Primer on Shirt Collar Styles
It may seem like just an itty-bitty detail, but it’s important to choose the proper shirt collar. You can change the entire feel of your ensemble with different choices of collars, including dressing your outfit up or down, gaining a more formal appearance or looking professional and polished.
With a tweak or two in the collar zone, you can also change a suit’s appearance to expand your work wardrobe. If you don’t have enough cash to splash out on too many suits, dress shirts are another option to create a new and individual look. Even if you do have plenty of suits, you can stock up on different dress shirts if you need to change at the office for meetings, drink dates, or a night on the town.
Get savvy on the four basic types of collars, which are the straight, spread, tab, and buttondown, as well as the formal wing collar below.
• The straight collar will complement nearly any facial structure, so it’s a rather safe choice for those of us who prefer simple shirts without too much risk.
• Straight collars are generally considered conservative and are easy to find at most business attire shops.
• You can find straight collars in two styles: traditional and European. The difference is the stitching: traditional styles are stitched in a quarter-inch from the edge of the collar, and European straight collars are edge-stitched.
• Straight collars allow for a little extra experimentation with color and design. Look for subtle patterns and inventive colors in shirts with straight collars.
• Spread collars are considered dressier than straight collars, so consider more formal tie knots to accompany them such as the Full Windsor Knot.
• Spread collars look particularly good with contrasting collar and cuffs, such as a blue shirt with white details.
• Spread collars have a sharper angle that the straight collar cut. This style of collar shows more fabric near the top of the placket.
• There are two types of spread collars to choose from: the Windsor and Varsity spread. The Varsity spread collar is characterized by a slightly arced edge, while the Windsor spread has a straight edge.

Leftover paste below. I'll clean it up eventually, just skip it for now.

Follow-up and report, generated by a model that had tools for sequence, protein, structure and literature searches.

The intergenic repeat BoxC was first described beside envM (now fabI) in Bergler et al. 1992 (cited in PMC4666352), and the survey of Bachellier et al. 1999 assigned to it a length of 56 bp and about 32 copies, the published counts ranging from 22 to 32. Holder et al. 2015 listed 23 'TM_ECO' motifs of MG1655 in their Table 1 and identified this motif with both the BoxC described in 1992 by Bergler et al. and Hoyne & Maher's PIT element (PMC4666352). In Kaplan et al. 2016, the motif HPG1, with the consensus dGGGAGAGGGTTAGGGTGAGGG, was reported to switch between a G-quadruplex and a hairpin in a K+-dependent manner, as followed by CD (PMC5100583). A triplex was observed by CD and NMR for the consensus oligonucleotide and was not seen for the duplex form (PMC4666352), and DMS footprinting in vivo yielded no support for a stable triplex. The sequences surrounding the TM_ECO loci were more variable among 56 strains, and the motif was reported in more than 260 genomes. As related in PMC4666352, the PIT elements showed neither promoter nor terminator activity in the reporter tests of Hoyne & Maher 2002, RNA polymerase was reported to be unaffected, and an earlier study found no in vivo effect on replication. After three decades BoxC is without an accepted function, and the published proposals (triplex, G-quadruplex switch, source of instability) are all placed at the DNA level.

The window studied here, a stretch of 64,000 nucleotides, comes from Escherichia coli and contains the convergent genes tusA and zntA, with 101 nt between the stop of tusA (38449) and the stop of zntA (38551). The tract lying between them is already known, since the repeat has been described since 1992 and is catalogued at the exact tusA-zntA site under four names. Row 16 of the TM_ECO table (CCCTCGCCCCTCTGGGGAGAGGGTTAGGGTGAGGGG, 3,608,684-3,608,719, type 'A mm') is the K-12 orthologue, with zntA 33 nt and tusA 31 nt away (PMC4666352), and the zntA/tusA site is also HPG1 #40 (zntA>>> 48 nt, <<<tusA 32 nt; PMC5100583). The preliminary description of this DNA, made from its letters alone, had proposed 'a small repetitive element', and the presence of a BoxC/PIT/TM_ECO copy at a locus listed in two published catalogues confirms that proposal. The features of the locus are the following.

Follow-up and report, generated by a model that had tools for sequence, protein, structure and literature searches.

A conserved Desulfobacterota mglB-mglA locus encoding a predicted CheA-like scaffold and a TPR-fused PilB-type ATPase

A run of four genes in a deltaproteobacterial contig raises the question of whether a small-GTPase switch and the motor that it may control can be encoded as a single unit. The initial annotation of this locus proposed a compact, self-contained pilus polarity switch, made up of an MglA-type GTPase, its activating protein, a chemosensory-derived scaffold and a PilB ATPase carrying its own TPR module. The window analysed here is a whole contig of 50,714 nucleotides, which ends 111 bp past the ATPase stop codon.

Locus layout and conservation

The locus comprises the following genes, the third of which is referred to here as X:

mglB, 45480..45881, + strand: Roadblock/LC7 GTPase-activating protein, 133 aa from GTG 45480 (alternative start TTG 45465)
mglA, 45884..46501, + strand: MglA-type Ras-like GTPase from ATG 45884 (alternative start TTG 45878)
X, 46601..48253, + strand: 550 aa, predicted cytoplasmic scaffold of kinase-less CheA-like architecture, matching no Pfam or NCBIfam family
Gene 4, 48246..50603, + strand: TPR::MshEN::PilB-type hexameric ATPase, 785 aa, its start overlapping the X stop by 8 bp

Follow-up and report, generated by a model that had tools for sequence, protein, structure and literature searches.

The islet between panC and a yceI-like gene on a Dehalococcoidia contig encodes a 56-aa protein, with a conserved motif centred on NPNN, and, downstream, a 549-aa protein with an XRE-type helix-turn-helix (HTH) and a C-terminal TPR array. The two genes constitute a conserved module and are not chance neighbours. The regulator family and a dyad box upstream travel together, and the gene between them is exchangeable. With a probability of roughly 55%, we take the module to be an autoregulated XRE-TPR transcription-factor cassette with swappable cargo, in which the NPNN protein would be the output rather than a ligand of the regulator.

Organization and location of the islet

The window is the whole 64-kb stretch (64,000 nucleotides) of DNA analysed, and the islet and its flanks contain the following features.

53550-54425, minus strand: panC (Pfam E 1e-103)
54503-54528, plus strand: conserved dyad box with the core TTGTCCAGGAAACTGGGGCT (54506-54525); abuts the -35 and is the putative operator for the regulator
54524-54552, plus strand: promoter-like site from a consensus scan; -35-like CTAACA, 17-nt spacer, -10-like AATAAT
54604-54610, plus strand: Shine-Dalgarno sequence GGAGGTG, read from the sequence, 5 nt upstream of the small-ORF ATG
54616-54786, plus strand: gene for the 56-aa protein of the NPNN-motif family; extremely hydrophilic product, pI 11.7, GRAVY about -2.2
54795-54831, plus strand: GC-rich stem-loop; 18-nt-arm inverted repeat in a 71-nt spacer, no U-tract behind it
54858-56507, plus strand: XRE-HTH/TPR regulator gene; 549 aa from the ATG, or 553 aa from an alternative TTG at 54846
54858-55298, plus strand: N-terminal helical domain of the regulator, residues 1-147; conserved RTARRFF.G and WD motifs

• Tab collars look like straight collars, but there are two small pieces of fabric that are affixed with a snap or button on each side. Tab collars have a slightly smaller collar size than straight ones.
• Your collar will lie flat and look neater when wearing the tabbed style. The points of the collar lie flat on the body of your shirt and look very precise.
• The buttondown collar is less formal than other collar styles, and can be worn with or without a tie.
• You can wear your buttondown collar shirts in a business-casual setting, but you won’t be able to experiment much with color. You’ll mostly find buttondown collars in basic blues and pinks.
• The wing collar gets its name for its appearance. The front of this collar has folded-down tips that look just like a pair of wings.
• Wing collars are usually worn with formal outfits, such as tuxedos and other formal wear.
• For the most traditional wing collar look, buy your dress shirt collarless and then purchase separate wing collars to attach. Collarless shirts are purchased with a collar band that measures a half inch smaller than your usual size. Your wing collar will still be worn in the usual size.
Choosing the Right Collar for You
Besides the occasion, you’ll need to consider the shape of your face:
• If you are leaner and more angular, you may like the spread collar, which can make your face look slightly fuller.
• Straight or buttondown collars are recommended for those with full faces.
• Wing collars are sophisticated and can flatter any man who craves a contemporary appearance.